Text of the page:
“Obviously all these physics details weren’t directly needed in the movie. But thinking them through was really useful in making consistent suggestions about the script,” he wrote. Wolfram was also asked to create some appropriately-complicated physics equations to appear on a whiteboard in the background of one scene. And in the essay, he explains how each of his 24 scribbles really does correspond to an actual theory one might form about an alien spaceship. (“Maybe the spacecraft has its strange rattleback-like shape because it spins as it travels, generating gravitational waves in spacetime in the process…”)
The fun didn’t stop there. Wolfram brought his son Christopher to the set, and he ultimately wrote much of the alien computer code that appears in the movie.
He noted proudly that in the movie there’s at least one shot showing a Wolfram Language notebook “with rather elegant Wolfram Language code in it. And, yes, those lines of code actually do the transformation that’s in the notebook. It’s real stuff, with real computations being done.”
The experience also gave Wolfram a chance to re-visit the question of whether mathematics is universal — enough so that you could use it to begin a conversation with aliens. Of course, he consults the computational universe of possible programs in “A New Kind of Science,” concluding that besides math, there’s “an infinite diversity of other abstract collections of rules” — many of which would be good for producing technology. He considers the universality of concepts like 2D geometrical figures, logic theorems, and cellular automata. But he notes that you’ve still got to reach a point where you’re asking the aliens, “What are your intentions on earth?”
At one point he and his son devised a list of 18 possible answers that an alien might give to the question. The answers range from “tourism” to “evangelism,” but he calls the problem “strangely analogous” to the question of how we’d communicate with an artificially intelligence — and then shares his own insight. “One of the things that’s emerged from basic science I’ve done is that there isn’t really a bright line between the ‘intelligent’ and the merely ‘computational’.”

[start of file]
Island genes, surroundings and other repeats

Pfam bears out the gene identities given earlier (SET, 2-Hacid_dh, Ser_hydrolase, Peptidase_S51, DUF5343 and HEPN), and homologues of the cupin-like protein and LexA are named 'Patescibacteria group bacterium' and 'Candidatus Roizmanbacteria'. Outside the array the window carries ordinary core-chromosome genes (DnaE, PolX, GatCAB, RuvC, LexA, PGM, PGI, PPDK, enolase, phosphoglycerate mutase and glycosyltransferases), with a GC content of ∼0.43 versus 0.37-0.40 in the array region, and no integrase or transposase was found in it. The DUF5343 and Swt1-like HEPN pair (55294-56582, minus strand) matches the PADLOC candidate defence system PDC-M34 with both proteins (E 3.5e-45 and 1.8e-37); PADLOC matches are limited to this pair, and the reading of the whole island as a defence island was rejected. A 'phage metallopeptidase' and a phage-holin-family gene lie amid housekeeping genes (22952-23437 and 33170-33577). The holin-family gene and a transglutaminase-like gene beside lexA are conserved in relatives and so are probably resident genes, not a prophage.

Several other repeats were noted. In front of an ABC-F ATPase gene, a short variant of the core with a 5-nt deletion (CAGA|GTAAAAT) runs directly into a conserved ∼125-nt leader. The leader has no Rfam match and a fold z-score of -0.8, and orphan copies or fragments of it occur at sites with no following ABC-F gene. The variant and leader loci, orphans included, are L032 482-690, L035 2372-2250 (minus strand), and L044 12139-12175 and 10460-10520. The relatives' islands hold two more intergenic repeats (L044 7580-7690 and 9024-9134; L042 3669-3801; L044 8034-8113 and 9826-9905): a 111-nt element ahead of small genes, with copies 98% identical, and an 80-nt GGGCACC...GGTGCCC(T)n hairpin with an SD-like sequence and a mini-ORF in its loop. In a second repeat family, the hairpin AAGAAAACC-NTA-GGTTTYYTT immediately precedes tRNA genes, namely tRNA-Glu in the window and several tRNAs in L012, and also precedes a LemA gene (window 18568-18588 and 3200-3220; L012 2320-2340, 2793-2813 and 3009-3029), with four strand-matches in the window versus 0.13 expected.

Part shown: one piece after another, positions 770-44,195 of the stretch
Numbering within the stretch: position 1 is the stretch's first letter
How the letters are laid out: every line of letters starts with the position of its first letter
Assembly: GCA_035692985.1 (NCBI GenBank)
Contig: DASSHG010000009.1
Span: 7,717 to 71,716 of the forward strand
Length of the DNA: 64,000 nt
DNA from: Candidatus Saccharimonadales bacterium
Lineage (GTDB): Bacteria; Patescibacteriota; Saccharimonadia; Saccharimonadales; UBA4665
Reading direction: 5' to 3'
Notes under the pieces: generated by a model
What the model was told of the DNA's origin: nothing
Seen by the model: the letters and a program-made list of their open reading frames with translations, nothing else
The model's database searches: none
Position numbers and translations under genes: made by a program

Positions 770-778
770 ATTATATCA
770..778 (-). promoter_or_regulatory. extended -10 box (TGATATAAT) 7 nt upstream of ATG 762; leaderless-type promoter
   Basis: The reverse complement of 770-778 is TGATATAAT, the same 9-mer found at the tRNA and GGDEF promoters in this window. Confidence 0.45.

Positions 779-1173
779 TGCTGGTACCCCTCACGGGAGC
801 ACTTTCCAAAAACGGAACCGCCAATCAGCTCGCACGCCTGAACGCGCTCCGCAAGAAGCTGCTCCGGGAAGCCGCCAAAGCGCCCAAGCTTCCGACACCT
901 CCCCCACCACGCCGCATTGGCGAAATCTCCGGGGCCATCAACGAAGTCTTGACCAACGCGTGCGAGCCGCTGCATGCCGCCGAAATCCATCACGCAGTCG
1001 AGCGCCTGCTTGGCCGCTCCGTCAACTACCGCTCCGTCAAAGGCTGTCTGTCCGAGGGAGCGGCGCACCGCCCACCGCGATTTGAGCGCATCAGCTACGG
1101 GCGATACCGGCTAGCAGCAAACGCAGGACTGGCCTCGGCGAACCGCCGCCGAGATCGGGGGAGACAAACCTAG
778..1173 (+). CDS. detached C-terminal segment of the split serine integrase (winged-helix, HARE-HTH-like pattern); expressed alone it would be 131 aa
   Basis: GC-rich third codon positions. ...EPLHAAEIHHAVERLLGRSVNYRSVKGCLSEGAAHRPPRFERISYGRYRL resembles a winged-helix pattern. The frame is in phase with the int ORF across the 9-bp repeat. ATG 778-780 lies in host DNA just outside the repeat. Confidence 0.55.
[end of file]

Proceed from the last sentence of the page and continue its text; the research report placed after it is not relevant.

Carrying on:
And fortunately, Wolfram has also done some work in that area too, plugging away on a symbolic discourse language.”
Movies Versus Software Releases
There’s also a section comparing movie-making to releasing a new version of the Wolfram programming language. He wrote at one point that watching the finished movie, “the results reminded me quite a lot of the process of software design I’ve done so many times — cut out any complexity one can, and make everything as clear and minimal as possible.”
“In some ways, I think movie-makers have it easier than us software developers. After all, they just have to make one thing that people can watch,” he wrote. “In software — and particularly in language design — we have to make something that different people can use in an infinite diversity of different ways, including ones we can’t directly foresee.
“Of course, in software you always get to make new versions that incrementally improve things; in movies, you just get one shot… But somehow there are always things to do that nobody expected, and it takes a lot of energy, focus and pushing to get them all together.”
Working on the movie was a stimulating experience, Wolfram wrote. And he jokes that if aliens ever do arrive on earth, it’s also made him “a little more prepared.”
The book also includes a nod to a 2007 blog post about Wolfram’s search for the fundamental laws of physics — and the question of whether it’s possible to pinpoint our own world within that vast universe of all possible rules. (“I think it’d be embarrassing if our universe is out there, findable by today’s technology, and we didn’t even try…”)
Interestingly, that 2007 blog post had also included his idea of space as a network of nodes — though it then moves on to questions about time, general relativity, and quantum mechanics. But as always, it seems to point back to his work on the Mathematica system. “Universe hunting is a very technology-intensive business. Over the years, I’ve gradually been building up the technology I think is needed — and quite a bit of it is showing up in strange corners of Mathematica.” And while it may be a long time before there’s conclusive results, “universe hunting is a good hobby.”